8. He further submits that the prosecutrix travelled through public transport with the accused-appellant for a long distance of 1400 kms from her house. She did not raise any alarm, neither she raised alarm during her stay at Khanna, Ludhiana. She did not tell neighbours that she was forcibly keeping the accused-appellant. Under these circumstances, it can be safely said that she was a consenting party and no offence under Sections 363 or 366 IPC can be said to have been committed by the accused-appellant.

9. On the other hand, Shri Abhayveer Singh, learned AGA submits that according to the educational testimonial, she was 13 years of age and therefore, even if she gave the consent, there was statutory rape by the accused-appellant. His conviction and sentence by Trial Court was correct. He further submits that since she was below the age of 18 years at the time of commission of offence, therefore, the ingredients of Section 363 and 366 of IPC are clearly discernible in the case. The accused-appellant was rightly convicted under Section 363 IPC and 366 of IPC.

10. Section 375 of IPC, before substitution by Act No.13 of 2013 stood as under:-

“375. Rape. -A man is said to commit “rape” who, except in the case hereinafter excepted, has sexual intercourse with a woman under circumstances falling under any of the six following de­scriptions:–

(First) — Against her will.

(Secondly) –Without her consent.

(Thirdly) — With her consent, when her consent has been obtained by putting her or any person in whom she is interested in fear of death or of hurt.

(Fourthly) –With her consent, when the man knows that he is not her husband, and that her consent is given because she believes that he is another man to whom she is or believes herself to be law­fully married.

(Fifthly) — With her consent, when, at the time of giving such consent, by reason of unsoundness of mind or intoxication or the administration by him personally or through another of any stupe­fying or unwholesome substance, she is unable to understand the nature and consequences of that to which she gives consent.

(Sixthly) — With or without her consent, when she is under sixteen years of age.

Explanation.–Penetration is sufficient to constitute the sexual intercourse necessary to the offence of rape.

(Exception) –Sexual intercourse by a man with his own wife, the wife not being under fifteen years of age, is not rape.”

11. Thus, if the prosecutrix age was below 16 years, then the consent was immaterial for charge under Section 376 IPC, if the accused-appellant had sexual intercourse with the prosecutrix.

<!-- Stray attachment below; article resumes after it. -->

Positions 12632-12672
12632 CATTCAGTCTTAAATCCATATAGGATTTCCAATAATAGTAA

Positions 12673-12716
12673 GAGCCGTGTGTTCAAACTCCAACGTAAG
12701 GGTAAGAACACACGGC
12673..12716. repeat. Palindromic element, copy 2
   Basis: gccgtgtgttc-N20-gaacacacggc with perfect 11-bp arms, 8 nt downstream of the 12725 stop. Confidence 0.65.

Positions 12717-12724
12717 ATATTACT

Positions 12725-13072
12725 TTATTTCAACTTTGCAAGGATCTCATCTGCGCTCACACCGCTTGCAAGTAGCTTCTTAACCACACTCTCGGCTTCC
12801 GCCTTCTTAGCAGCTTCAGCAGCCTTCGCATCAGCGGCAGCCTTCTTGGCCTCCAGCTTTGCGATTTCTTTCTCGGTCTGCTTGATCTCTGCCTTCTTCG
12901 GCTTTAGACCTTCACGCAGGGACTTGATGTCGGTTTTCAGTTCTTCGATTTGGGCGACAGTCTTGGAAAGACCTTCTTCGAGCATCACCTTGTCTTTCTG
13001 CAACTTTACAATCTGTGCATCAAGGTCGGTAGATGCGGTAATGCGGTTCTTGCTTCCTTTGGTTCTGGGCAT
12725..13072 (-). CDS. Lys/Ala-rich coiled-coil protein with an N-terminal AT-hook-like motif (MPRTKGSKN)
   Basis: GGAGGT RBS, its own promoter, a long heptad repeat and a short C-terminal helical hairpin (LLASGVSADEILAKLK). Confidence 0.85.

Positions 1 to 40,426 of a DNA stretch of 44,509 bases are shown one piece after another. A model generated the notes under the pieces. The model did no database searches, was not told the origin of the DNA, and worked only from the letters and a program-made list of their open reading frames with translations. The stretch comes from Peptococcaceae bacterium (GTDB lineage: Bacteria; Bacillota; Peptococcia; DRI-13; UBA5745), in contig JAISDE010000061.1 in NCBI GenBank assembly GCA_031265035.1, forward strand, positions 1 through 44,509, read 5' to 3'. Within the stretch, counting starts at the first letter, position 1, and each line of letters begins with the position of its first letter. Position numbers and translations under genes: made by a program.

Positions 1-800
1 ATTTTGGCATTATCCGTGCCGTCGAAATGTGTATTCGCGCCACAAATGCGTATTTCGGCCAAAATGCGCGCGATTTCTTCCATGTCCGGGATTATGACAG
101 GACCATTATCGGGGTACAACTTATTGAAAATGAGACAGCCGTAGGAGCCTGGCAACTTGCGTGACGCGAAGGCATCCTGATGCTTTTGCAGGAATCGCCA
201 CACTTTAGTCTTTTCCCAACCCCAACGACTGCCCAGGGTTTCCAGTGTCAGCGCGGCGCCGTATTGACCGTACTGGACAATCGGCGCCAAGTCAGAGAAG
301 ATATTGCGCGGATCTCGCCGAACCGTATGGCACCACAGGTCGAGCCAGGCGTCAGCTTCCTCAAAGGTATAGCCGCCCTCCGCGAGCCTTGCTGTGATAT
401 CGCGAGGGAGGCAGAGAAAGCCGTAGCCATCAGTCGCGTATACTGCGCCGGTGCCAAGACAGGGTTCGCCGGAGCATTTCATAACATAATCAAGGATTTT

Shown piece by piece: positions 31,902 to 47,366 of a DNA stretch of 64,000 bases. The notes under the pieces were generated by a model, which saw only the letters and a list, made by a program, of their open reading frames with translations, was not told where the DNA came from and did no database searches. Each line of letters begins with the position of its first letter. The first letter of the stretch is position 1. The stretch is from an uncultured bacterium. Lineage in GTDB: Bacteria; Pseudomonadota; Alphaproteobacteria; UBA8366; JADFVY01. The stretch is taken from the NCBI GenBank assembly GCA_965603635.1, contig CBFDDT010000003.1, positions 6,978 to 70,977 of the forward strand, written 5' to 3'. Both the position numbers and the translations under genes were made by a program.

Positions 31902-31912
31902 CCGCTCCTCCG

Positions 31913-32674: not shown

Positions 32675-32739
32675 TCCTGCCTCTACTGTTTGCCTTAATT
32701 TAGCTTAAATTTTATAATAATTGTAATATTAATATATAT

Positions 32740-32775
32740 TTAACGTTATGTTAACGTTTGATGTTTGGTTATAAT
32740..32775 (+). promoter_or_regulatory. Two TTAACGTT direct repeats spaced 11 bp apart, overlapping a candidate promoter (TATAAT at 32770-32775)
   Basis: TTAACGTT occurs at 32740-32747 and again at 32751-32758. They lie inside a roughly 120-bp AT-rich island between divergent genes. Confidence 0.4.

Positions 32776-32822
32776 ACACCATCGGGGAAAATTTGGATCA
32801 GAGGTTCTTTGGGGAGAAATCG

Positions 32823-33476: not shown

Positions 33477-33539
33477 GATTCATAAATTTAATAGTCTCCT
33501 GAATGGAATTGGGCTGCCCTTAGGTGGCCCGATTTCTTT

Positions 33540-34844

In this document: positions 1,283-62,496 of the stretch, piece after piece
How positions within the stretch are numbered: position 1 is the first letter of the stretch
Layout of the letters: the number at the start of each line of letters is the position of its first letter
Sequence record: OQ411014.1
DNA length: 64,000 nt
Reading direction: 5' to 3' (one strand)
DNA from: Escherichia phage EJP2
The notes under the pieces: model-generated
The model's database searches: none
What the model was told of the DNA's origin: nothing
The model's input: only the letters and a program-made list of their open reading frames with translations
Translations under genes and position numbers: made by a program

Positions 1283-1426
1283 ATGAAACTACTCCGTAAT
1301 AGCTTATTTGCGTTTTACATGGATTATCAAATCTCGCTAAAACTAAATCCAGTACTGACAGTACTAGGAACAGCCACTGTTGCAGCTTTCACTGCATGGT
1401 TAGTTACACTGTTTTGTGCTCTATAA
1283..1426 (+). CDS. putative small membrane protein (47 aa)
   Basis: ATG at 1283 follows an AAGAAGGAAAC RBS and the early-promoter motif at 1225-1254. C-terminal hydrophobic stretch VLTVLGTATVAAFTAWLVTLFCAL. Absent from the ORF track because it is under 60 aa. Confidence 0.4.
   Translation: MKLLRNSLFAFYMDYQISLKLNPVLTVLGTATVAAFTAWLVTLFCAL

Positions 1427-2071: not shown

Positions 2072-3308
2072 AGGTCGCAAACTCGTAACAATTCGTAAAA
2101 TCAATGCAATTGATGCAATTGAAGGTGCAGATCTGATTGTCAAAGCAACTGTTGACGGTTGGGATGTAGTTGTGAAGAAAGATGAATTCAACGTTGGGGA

12. The medical evidence clearly depicts particularly the report of Dr. Sushma Gupta-PW-7, that the prosecutrix was found to be 17 years age, she was used to sexual intercourse and no injury external or internal on her body or on her private parts was found. She travelled all through 1400 kms from her place to Khanna, Ludhiana, Punjab, from where she was recovered by the police party. She did not raise any alarm during her travel through public transport for 1400 kms, nor did she raise any alarm during her stay to tell the neighbours that she was abducted by the accused-appellant. Once no injury of physical violence was found in the medical examination and it was found that she was habitual of sexual intercourse and particularly, keeping in mind her age, which was determined in her medical examination, no offence under Section 376 IPC can be said to have been committed by the accused-appellant.

13. Further, even if believing that she was below 18 years at the time of commission of offence, since she willingly without any force or coercion accompanied the accused-appellant to a distant place of 1400 kms from her home, the offences under Sections 363 IPC and 366 IPC are not made out.

14. Considering the facts and circumstances of the case, as discussed above, the accused-appellant is acquitted of all charges. The judgment and order dated 3.3.2001, passed by the learned Additional Sessions Judge, Faizabad convicting and sentencing the accused-appellant in S.T. No.240 of 1998 is hereby, set aside. The bail bonds are cancelled, sureties are discharged.

15. The appeal is allowed.

Order Date :- 14.12.2017